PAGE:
Some examples of the factors listed in the law include the nature of the threat, how the person responded and whether it was proportionate to the threat or attack, how imminent the threat was and whether there were other ways in which the person might have been able to respond, whether there was a weapon involved, the size, age, gender and physical capabilities of the people involved, and the relationship between the people involved, including if there were previous threats of force.
In the case of self-defence claims against police actions such as an arrest, self-defence only applies if the person claiming it had reasonable grounds to believe that the law enforcement officer was acting unlawfully.
DEFENCE OF PROPERTY
The new defence-of-property provision permits a person in peaceable possession of property, or a person assisting someone they believe to be in peaceable possession of property, to commit a reasonable act (including the use of force) for the purpose of protecting that property from being taken, damaged or trespassed upon.
The concept of "peaceable possession" has been interpreted by the courts to mean possession that is not likely to lead to a breach of the peace. It limits the defence to circumstances where it is appropriate. For instance, it prevents someone not in peaceable possession, such as a thief in possession of stolen property, from using the defence if they resist efforts of others to retake property. It also prevents the defence from being used by a property owner who commits an offence in order to recover or retake property that is not in their possession. For instance, a person whose car was towed cannot use the defence against a charge that they broke into the lot to retrieve their car. Rather, a person who is not actually in possession of property they have a claim to must resort to the civil law, or seek assistance from other authorities such as the police, to resolve a conflict over their entitlement to the property. A person must not resort to the commission of a crime in such non-urgent situations.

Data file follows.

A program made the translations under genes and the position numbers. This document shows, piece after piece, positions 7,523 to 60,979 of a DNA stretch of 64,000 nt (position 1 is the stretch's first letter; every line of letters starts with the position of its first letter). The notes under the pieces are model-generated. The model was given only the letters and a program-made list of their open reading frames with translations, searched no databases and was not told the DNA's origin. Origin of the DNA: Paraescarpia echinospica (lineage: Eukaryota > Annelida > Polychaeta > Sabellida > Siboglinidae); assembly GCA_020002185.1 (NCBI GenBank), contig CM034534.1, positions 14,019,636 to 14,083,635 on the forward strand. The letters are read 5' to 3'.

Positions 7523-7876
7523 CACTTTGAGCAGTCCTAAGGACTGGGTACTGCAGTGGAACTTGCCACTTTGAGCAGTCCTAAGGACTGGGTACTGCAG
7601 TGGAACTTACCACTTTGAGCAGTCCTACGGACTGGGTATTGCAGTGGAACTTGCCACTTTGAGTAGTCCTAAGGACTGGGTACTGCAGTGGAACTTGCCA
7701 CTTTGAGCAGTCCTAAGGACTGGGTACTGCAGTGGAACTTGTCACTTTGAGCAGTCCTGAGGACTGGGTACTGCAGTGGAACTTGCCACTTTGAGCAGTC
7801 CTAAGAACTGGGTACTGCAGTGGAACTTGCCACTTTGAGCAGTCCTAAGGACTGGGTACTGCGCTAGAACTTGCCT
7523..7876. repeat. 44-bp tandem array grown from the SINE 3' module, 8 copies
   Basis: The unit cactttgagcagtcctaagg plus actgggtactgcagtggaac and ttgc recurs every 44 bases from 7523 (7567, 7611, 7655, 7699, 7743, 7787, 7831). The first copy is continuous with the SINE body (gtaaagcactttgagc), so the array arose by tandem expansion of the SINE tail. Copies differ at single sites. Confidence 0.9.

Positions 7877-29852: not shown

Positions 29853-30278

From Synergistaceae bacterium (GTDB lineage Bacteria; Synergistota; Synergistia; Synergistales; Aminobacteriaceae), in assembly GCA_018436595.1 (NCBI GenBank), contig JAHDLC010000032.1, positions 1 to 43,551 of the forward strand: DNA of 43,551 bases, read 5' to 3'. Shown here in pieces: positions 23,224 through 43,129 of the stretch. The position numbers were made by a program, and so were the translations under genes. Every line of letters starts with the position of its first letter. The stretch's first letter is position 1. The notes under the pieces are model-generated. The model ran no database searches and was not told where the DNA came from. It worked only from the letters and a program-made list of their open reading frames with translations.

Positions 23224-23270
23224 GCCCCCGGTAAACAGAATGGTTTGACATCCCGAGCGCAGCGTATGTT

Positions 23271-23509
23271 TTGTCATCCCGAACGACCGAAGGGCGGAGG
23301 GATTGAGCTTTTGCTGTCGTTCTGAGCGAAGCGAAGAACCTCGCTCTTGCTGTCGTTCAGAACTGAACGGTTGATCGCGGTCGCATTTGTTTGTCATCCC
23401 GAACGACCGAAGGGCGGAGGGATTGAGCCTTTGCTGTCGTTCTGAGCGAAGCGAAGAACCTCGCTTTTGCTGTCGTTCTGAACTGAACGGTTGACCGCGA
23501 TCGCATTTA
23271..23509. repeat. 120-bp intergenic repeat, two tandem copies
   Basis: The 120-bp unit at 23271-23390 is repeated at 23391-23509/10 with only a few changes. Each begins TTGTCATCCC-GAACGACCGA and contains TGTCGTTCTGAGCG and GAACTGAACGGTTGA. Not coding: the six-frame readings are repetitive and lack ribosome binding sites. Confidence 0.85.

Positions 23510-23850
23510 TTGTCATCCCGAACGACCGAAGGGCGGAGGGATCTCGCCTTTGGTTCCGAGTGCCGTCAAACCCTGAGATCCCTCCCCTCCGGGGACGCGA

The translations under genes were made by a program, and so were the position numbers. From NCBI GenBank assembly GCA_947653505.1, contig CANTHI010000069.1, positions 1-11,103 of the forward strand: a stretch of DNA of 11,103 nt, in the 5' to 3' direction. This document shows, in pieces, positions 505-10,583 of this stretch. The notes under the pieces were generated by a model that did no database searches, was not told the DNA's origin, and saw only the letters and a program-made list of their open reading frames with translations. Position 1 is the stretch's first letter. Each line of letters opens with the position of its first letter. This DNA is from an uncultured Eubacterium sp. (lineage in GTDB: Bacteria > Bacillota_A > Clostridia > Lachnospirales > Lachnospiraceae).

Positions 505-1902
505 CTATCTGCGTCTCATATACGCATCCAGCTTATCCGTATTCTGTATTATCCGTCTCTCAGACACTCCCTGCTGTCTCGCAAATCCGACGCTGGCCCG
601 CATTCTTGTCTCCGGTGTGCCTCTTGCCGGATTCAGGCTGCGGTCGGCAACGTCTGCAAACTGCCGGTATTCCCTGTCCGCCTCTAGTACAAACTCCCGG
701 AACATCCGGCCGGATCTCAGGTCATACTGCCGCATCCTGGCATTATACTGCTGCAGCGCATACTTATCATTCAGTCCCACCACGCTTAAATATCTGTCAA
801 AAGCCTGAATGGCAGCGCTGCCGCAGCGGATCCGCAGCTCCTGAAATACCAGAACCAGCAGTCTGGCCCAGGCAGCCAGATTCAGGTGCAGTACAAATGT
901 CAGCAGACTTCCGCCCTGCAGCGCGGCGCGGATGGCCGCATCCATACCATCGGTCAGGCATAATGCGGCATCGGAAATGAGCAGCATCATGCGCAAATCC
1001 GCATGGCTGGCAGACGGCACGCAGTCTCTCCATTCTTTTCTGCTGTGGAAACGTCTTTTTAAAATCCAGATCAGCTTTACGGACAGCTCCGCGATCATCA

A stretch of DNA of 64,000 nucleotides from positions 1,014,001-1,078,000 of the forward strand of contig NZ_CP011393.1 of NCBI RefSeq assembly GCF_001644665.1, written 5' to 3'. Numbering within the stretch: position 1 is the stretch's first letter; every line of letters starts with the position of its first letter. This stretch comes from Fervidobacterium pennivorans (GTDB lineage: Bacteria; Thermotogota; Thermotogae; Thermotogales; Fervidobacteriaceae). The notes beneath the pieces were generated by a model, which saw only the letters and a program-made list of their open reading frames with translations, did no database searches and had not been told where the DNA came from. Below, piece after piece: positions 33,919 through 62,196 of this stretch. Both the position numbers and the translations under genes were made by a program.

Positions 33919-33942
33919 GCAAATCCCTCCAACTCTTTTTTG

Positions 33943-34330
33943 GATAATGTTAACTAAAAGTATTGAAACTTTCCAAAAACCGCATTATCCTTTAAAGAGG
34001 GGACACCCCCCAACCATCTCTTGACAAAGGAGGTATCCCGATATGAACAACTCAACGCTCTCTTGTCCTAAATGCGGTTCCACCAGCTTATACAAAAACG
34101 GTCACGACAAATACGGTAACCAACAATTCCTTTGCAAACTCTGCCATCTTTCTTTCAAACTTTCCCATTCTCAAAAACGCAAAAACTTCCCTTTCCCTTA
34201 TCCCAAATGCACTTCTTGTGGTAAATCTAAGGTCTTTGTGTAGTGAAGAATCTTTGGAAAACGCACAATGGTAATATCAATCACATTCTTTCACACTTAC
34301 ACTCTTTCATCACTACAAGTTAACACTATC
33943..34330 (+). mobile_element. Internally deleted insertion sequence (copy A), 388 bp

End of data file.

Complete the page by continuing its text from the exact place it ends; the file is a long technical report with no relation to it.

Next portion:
As with self-defence, a claim of defence of property against police action, such as the execution of a search warrant and the seizure of evidence from a person's house, is only available where the property possessor believes that the police are acting unlawfully.
Use of Deadly Force
The use of deadly force is only reasonable in very exceptional circumstances – for example, where it is necessary to protect a person from death or grievous bodily harm. The courts have clearly stated that deadly force is not considered reasonable in defence of property alone.
A technical guide on the new laws of self-defence and defence of property is available at: Technical Guide to Self Defence and Defence of Property Reforms
Department of Justice Canada